Liminal Airspace!
George Monteleone

It is a constant sound. A set of tones, a complex hum. An ambience, perhaps becoming part of what we perceive as the noise floor of our environment. Eventually, it might cease to be differentiable: the refrigerator, outside traffic, midnight sewer maintenance, urban helicopter rotors, cicadas.  It also works visually: a field of gray as the gestalt product of a random array of millions of bits of black and white, an undetectable signal.!

What did you see? A face or a word?!

it is a global component of spiritual and musical history: the om, Hundustani and Carnatic music, Japanese gagaku, the Australian didgeridoo, Scottish pibroch, La Monte Young, doom metal.  !

Sunn O)))!

It is a harmless apian familiar. Fatherless in origin, straight from the queen bee’s egg. Slow, he gathers no resources, a little sex machine, furry and without a stinger, to be softly petted with a gentle fingertip, a docile meme. !


It is a military killing machine, an international controversy. !

It has recently become an ubiquitous colloquial vehicle. A light spectacle at clubs and raves, a hovering, illuminated, anthropomorphized voyeur; it is noticed briefly, easily accepted, considered non-invasive and more fun than a concert photographer. !

Thursday Rave (pt.3 FT A Mini Drone)!

The satellite image has become a commonplace access tool, as is dropping down to a virtual street view, which provides limited virtual routes through terrestrial space. The aerial intermediate, in our current virtual landscape, is a liminal space between the familiar satellite map and the street view. An oft-blogged quote from Wikipedia is apt enough: Liminality is sacred, alluring, and dangerous. With personal, small-scale flight, there exists the prospect of access to liminal airspace, to explore and map it, in putative anonymity with minimal risk. The sky-dreaming earthbound no longer need flight simulators, planes, or licenses. We can explore and demystify the sacred and alluring while evading the danger, though in doing so, the space may not remain liminal for too long. Perhaps this is the nature of mapping frontiers. !!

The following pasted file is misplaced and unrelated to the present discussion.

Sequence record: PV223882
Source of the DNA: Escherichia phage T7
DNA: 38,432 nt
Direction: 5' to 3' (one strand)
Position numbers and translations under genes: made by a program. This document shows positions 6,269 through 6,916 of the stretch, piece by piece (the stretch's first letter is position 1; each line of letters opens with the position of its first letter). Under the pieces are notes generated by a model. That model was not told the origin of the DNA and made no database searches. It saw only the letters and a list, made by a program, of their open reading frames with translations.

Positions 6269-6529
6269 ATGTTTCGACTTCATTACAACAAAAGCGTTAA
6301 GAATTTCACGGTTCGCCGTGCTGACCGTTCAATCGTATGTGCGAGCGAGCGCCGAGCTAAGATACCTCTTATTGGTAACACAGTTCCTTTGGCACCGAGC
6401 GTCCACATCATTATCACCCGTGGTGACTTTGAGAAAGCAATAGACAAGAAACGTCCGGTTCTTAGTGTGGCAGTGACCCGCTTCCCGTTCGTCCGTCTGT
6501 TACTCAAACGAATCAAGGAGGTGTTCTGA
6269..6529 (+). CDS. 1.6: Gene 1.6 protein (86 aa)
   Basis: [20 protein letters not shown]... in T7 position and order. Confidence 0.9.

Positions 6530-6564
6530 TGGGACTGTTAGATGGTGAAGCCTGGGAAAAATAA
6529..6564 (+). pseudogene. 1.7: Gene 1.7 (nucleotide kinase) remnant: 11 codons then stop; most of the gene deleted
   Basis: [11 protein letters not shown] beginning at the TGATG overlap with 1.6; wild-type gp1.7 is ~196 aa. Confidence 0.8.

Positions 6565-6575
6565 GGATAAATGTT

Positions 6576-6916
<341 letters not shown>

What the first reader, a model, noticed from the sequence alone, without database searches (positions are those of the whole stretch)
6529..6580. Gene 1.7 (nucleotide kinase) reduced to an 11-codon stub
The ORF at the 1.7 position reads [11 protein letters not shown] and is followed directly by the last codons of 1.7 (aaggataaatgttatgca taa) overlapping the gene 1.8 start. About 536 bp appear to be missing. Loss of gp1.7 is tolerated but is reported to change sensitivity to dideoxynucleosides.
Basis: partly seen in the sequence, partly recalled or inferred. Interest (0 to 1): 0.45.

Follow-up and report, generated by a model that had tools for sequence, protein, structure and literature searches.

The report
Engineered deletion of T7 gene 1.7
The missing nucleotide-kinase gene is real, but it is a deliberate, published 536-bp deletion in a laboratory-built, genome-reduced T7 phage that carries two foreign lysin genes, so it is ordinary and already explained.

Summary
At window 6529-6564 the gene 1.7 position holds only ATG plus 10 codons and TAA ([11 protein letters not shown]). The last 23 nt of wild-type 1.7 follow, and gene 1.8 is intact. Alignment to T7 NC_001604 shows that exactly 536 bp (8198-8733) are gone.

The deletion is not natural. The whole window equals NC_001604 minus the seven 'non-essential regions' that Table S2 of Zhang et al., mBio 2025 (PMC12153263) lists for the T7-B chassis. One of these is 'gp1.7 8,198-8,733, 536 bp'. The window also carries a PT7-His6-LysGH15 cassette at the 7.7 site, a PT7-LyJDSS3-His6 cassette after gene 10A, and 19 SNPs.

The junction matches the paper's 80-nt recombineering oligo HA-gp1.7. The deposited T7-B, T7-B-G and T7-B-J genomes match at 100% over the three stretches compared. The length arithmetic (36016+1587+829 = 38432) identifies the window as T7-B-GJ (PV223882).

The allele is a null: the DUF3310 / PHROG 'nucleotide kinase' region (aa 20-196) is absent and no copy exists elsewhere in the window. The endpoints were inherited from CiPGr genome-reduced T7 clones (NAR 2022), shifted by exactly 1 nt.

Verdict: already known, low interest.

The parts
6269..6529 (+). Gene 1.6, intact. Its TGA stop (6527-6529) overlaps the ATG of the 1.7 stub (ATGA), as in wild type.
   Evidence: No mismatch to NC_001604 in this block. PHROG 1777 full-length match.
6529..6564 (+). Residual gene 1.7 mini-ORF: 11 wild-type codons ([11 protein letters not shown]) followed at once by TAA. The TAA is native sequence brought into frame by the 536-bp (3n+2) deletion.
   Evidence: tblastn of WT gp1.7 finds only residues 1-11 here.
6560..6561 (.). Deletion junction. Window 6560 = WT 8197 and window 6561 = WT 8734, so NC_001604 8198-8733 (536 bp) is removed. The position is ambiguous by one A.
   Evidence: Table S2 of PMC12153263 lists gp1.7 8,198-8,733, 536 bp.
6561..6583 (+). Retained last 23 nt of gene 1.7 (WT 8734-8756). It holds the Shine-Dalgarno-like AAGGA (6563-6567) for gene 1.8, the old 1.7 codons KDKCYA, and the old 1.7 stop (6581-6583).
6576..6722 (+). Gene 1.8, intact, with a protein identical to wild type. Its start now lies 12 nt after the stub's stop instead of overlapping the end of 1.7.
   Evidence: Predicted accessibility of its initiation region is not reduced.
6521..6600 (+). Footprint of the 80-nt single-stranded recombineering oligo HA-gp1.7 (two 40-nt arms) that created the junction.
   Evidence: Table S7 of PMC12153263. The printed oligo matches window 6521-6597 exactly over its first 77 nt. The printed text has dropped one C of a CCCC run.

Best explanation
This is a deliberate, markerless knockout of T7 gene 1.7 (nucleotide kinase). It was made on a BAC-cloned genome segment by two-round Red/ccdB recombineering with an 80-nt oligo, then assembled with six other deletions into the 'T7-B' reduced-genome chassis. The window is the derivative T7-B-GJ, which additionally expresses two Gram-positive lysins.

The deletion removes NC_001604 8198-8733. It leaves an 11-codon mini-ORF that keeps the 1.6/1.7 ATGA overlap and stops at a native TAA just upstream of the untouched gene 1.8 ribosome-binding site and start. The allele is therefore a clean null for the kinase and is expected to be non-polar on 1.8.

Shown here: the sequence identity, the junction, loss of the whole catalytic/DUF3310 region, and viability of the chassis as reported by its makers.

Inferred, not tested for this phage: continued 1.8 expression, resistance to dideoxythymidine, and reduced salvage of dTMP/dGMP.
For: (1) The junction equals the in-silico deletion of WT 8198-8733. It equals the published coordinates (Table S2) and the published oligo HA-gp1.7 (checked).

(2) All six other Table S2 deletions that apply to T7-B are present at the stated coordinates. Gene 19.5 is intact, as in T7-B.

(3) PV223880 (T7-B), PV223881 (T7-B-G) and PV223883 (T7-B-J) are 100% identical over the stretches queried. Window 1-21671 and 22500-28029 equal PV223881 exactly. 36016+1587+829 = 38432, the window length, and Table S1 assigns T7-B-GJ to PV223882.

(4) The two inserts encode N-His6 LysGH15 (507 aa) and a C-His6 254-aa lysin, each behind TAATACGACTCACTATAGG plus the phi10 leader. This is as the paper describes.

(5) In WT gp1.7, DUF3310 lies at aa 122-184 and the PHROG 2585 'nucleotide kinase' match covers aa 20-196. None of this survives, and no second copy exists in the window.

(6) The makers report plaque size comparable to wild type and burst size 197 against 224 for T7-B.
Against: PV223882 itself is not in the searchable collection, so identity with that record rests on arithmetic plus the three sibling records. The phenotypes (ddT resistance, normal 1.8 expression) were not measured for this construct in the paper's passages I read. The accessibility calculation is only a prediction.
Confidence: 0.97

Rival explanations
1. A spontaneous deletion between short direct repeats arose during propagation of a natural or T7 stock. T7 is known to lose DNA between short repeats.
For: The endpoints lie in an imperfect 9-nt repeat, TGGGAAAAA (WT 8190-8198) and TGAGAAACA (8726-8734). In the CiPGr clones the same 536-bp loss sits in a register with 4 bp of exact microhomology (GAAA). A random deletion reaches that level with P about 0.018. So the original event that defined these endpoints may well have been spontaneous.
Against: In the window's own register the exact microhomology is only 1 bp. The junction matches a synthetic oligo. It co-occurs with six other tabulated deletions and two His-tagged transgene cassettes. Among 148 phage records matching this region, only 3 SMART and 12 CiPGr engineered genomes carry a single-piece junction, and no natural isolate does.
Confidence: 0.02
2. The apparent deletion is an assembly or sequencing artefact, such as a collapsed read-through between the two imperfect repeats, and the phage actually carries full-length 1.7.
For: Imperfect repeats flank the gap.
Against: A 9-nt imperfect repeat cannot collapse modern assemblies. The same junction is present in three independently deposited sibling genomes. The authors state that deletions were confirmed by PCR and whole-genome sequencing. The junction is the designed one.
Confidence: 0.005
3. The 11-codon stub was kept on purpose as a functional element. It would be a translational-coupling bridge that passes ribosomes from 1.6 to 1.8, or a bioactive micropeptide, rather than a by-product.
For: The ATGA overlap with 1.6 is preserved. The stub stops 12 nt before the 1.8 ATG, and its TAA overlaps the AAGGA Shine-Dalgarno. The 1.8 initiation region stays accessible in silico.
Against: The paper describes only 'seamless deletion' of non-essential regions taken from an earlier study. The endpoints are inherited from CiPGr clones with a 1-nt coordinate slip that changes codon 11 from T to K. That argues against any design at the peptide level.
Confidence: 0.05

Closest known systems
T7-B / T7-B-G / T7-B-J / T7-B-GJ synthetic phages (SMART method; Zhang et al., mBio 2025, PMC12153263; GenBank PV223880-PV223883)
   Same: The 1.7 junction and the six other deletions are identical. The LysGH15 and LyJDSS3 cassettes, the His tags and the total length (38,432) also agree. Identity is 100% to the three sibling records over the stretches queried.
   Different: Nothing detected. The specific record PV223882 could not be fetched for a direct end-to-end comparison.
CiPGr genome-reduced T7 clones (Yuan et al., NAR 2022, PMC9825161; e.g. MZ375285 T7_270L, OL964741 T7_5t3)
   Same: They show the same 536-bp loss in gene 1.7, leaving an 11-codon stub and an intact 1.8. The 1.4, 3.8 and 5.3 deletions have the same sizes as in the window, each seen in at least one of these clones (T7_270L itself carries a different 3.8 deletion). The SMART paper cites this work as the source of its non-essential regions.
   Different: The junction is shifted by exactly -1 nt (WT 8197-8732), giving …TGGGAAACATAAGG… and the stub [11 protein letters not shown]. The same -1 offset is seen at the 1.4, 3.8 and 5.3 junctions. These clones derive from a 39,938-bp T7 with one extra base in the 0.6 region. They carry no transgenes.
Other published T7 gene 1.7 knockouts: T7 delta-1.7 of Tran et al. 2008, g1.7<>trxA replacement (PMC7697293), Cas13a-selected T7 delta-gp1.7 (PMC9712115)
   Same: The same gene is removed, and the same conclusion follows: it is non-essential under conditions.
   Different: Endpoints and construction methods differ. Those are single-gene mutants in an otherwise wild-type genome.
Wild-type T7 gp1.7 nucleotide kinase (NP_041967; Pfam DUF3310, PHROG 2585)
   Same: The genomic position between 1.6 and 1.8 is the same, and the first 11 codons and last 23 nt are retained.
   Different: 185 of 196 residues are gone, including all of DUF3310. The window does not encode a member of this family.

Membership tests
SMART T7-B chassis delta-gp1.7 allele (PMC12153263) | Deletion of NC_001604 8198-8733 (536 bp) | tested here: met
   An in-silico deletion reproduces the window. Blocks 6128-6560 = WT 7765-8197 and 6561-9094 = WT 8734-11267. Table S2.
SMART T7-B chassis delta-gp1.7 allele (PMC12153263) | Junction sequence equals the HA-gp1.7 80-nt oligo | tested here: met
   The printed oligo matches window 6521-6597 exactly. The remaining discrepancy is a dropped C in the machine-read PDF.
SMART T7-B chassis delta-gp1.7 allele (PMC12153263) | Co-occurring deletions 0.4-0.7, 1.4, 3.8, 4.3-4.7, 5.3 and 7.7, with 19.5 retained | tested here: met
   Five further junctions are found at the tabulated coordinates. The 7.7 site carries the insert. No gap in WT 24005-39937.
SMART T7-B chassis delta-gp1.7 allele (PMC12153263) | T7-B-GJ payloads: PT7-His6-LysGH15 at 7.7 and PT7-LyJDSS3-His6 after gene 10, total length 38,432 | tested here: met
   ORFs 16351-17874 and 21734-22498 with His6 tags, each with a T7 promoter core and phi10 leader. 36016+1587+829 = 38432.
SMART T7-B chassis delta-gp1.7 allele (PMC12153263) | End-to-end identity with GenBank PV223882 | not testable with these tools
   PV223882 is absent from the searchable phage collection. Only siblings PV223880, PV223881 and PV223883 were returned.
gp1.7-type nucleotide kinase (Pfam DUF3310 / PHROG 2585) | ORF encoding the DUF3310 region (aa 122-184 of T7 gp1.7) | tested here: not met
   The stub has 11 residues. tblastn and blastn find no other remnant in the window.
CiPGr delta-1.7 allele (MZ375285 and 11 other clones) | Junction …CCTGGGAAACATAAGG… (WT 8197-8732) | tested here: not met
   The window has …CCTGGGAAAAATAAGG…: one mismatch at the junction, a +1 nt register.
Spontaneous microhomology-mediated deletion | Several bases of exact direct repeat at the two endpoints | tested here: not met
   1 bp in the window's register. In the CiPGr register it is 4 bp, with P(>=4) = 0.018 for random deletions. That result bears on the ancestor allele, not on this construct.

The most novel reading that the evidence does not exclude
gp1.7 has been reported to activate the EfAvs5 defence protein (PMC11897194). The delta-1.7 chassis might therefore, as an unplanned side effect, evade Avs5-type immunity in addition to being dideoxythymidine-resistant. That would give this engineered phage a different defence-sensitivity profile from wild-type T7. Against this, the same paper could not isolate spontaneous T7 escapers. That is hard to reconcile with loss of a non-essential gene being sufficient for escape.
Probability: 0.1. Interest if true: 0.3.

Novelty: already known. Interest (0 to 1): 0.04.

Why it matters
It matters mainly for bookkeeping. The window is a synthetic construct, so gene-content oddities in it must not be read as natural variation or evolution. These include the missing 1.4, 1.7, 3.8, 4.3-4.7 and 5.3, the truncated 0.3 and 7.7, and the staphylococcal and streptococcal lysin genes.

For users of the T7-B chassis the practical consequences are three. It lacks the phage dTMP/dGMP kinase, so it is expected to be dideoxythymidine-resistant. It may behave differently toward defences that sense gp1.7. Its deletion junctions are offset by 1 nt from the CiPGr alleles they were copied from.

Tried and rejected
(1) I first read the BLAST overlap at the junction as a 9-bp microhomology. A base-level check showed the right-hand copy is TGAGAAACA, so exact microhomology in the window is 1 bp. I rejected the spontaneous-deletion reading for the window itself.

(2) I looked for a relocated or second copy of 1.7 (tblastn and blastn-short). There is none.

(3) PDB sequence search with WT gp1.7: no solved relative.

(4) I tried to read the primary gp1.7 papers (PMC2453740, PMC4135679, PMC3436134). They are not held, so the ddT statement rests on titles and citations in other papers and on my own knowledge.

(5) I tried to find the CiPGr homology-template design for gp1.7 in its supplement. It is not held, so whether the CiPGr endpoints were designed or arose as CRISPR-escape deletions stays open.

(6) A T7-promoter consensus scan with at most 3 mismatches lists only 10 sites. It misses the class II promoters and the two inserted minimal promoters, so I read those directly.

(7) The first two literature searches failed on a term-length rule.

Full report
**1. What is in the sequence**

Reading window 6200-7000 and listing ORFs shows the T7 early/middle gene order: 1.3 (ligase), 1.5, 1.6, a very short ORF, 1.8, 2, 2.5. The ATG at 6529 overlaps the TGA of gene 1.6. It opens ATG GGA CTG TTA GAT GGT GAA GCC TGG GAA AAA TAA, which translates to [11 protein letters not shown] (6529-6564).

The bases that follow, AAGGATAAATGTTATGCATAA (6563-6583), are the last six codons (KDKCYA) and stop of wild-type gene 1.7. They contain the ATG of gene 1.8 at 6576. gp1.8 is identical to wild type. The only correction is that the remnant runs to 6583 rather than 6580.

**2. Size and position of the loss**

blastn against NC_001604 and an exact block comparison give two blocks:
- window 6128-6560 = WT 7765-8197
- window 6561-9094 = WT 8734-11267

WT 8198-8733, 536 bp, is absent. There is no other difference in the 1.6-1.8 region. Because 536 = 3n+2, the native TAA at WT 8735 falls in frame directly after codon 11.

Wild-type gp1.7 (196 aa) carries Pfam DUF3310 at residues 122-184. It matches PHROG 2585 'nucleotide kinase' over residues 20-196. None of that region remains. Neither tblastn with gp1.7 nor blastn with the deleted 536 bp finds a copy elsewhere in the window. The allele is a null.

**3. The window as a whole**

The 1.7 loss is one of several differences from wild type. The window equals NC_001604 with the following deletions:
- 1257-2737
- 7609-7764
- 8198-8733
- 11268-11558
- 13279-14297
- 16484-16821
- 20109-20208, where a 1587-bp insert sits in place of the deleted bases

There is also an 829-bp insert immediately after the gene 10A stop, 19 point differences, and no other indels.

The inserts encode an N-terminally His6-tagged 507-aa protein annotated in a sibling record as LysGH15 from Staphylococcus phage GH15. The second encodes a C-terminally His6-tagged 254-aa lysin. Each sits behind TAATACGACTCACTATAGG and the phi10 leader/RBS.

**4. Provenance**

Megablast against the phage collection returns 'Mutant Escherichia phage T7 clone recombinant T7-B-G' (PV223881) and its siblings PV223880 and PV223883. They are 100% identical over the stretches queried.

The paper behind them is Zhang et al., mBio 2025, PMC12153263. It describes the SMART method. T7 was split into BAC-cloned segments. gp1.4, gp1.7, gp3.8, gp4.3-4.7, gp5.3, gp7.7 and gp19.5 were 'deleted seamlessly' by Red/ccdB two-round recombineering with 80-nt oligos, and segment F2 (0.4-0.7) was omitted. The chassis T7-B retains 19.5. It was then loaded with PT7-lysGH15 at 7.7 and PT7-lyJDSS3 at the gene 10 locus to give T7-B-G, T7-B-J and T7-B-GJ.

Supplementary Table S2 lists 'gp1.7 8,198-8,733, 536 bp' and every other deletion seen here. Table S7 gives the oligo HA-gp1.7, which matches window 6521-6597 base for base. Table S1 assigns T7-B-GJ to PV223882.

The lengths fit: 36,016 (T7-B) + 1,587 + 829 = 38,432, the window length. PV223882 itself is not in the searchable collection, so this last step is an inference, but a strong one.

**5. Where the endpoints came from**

There is also, of course, the push to commercialize, and Hollywood is a proponent and catalyst of civilian and commercial use, enjoying recent exemptions from the FAA.

Drones have recently found their way into scripts as well as onto film sets. In Interstellar, Christopher Nolan’s aviation engineer protagonist (Matthew McConaughey) hijacks and salvages a former military UAV to supply his dying terrestrial farm, not long before being sent off to the dark corners of space and time to help save humanity. !

Amazon Prime Air!

Unmanned craft have played the hero for decades, having been sent on exploratory missions to areas humans do not yet have the means to control: millions of miles to planets and moons, beaming back data about uninhabitable, theretofore imaginary landscapes. Well, they have not been considered “drones” so much as “probes.” Though the latter is a bit of a disagreeable term, they have been given far more agreeable names: Messenger, Pathfinder, New Horizons, Pioneer, Venera, Voyager, Spirit, Opportunity, Curiosity.  Scientific machine vessels of positive affect, easy to root for as they struggle along through harsh territory, sending us marvelous images despite now-obsolete photographic technology, like images from some forgotten past. We have cheered them on as they have covered land distances equivalent to a moderate bicycle ride. !

Out Of This World Records! (NASA)!

They are adorably, tragically inept in the face of the most basic of terrestrial problems. Spirit, disabled for nearly a year after getting stuck in soft soil, was recommissioned as a stationary unit before succumbing to a harsh Martian winter. NASA abandoned contact attempts in 2011. If only it had been equipped with a quad-copter, or even a balloon.!